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Warmer weather brings us outside more often, but allergies can send us right back in. Learn how to relieve the worst of your symptoms this pollen seaso.
Prepare for tomorrow by taking the time you have now to create clear and concise documentation for future legal decisions and informing your family members of where they can find those documents when necessary.
Plan for your future by identifying key decision-makers in your life who you trust the most. Take the time to document your choices in writing and open a dialogue to discussing the details with your loved ones.
Organizing your finances, accounts, and assets now can help your family navigate the future according to your interests and preferences. This can be especially useful to your loved ones if you need assistance with decision-making due to Alzheimer’s disease or related dementia.
Planning ahead can make all the difference when it comes to determining your future. Despite the uncertainty that comes with aging, there are some clear preferences you can choose to communicate with your loved ones now so they can ensure your wishes are carried out properly later.
Memory issues can be a sign of dementia or Alzheimer’s disease, but are also a common side effect of aging. It may not always be easy to differentiate between what’s normal and what’s not.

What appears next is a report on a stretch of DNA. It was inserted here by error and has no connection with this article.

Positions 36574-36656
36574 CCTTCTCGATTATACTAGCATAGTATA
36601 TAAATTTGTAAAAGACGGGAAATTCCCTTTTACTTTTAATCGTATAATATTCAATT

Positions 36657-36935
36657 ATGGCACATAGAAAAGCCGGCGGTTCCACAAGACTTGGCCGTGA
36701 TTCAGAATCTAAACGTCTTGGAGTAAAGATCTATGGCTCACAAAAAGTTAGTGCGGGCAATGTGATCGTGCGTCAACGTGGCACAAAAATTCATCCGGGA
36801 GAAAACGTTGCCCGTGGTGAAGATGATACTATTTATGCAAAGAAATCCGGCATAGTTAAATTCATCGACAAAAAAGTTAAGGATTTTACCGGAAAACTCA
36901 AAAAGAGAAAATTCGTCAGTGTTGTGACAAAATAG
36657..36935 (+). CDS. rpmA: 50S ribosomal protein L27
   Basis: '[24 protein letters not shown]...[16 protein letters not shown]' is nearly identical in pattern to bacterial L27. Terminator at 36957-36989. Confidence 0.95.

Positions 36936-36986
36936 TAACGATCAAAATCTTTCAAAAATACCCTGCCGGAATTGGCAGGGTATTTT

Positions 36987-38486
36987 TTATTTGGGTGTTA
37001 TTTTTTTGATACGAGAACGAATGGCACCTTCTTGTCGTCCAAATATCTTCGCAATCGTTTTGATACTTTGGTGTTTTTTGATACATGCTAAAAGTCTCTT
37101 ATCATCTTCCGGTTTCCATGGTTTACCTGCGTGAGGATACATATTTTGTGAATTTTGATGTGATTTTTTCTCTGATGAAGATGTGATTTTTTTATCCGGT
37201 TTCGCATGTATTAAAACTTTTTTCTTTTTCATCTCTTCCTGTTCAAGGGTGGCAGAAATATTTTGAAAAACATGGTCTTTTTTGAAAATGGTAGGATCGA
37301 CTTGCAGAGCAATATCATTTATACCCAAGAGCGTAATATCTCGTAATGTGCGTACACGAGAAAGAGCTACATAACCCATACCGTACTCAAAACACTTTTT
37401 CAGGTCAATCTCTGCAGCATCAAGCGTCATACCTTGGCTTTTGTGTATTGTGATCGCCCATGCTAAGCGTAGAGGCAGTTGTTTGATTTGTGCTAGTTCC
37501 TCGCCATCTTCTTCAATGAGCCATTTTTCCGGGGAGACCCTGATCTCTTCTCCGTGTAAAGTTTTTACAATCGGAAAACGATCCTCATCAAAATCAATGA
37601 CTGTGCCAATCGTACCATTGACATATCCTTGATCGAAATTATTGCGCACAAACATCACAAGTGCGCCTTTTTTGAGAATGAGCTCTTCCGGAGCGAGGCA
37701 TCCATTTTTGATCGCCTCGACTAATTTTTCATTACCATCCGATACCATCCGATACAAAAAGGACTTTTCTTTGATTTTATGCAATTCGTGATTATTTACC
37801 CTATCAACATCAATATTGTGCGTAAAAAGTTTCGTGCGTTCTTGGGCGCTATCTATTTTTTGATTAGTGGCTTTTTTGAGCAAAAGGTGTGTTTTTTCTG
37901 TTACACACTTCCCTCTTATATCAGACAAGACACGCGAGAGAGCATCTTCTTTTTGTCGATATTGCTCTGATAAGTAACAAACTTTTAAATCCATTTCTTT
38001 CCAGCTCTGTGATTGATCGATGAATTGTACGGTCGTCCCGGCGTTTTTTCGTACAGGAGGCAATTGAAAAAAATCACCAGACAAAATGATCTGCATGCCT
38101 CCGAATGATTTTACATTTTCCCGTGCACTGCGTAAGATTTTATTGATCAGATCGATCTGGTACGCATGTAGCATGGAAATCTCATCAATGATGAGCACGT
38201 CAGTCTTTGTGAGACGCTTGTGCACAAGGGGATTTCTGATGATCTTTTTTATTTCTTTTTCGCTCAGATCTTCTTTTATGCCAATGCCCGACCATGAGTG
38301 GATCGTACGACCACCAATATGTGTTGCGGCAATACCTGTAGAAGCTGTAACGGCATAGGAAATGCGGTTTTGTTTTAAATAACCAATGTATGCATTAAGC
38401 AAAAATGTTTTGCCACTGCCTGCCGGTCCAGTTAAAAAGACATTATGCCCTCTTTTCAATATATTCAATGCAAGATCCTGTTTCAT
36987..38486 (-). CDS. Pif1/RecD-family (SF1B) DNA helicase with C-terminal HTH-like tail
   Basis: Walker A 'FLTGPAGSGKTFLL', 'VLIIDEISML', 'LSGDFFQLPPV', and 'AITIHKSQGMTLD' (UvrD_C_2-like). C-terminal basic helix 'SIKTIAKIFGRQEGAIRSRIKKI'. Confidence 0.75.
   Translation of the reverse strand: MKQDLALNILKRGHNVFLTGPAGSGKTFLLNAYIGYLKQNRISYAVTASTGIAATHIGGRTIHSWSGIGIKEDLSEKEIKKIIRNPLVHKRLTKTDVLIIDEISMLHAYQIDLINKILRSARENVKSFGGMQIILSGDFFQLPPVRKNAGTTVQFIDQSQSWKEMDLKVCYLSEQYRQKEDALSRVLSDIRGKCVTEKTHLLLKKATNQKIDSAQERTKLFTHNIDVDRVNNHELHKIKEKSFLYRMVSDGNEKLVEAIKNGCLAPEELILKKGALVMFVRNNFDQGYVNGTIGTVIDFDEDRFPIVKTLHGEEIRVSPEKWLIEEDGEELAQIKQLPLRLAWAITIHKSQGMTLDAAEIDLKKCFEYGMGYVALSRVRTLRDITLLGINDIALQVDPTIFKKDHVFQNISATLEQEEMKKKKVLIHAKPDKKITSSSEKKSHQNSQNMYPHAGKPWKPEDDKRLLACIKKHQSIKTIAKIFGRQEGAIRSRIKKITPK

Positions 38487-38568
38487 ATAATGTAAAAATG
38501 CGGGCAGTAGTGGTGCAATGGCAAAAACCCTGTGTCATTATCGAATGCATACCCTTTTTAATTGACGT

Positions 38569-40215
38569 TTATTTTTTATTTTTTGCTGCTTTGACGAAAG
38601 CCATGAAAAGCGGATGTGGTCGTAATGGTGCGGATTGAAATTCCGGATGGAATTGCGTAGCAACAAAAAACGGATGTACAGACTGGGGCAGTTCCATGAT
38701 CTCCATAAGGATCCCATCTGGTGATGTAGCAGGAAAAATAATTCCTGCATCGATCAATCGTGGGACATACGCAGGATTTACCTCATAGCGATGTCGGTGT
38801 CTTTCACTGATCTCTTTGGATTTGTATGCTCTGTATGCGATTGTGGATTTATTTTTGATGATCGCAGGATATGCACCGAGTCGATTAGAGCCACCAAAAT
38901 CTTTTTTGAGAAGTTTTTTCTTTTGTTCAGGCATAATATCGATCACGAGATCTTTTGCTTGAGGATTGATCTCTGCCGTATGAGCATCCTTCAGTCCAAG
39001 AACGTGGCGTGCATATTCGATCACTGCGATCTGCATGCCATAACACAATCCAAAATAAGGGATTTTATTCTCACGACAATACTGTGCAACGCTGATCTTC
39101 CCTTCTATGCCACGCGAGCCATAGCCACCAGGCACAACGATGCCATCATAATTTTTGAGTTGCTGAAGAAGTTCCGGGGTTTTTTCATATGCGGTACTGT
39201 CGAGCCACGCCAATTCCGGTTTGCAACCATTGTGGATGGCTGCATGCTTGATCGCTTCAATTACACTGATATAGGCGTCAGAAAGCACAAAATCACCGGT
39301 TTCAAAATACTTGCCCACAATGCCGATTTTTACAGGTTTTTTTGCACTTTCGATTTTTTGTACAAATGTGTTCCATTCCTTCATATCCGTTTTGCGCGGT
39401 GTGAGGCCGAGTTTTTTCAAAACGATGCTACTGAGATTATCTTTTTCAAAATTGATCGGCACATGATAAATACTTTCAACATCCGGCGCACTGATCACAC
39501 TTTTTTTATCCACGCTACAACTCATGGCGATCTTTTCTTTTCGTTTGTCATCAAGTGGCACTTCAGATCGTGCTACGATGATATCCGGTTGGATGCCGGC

Did you know that your attitude can affect your physical health? Positive thinking has been shown to increase energy levels and better quality of sleep; improve psychological health and lower your chances of developing depression; and support effective coping skills for managing stress, anxiety, and anger.
It’s never too early to start strengthening your brain. Engaging your mind, memory, and problem-solving skills on multiple levels can help decrease your risk of developing dementia later on.
With the holidays now in the rearview mirror, it’s not uncommon to feel a dip in energy or experience the winter blues. Seasonal Affective Disorder (SAD) can affect individuals of any age, but SAD can often be overlooked for seniors with dementia or Alzheimer’s disease since many of the symptoms overlap.
Memory care often involves quite a bit of planning and thinking ahead. It is not uncommon for caretakers and family members to feel overwhelmed by all of the moving parts, but taking the time to appreciate the present can make all of the difference – for you, for your loved one, and for your entire family.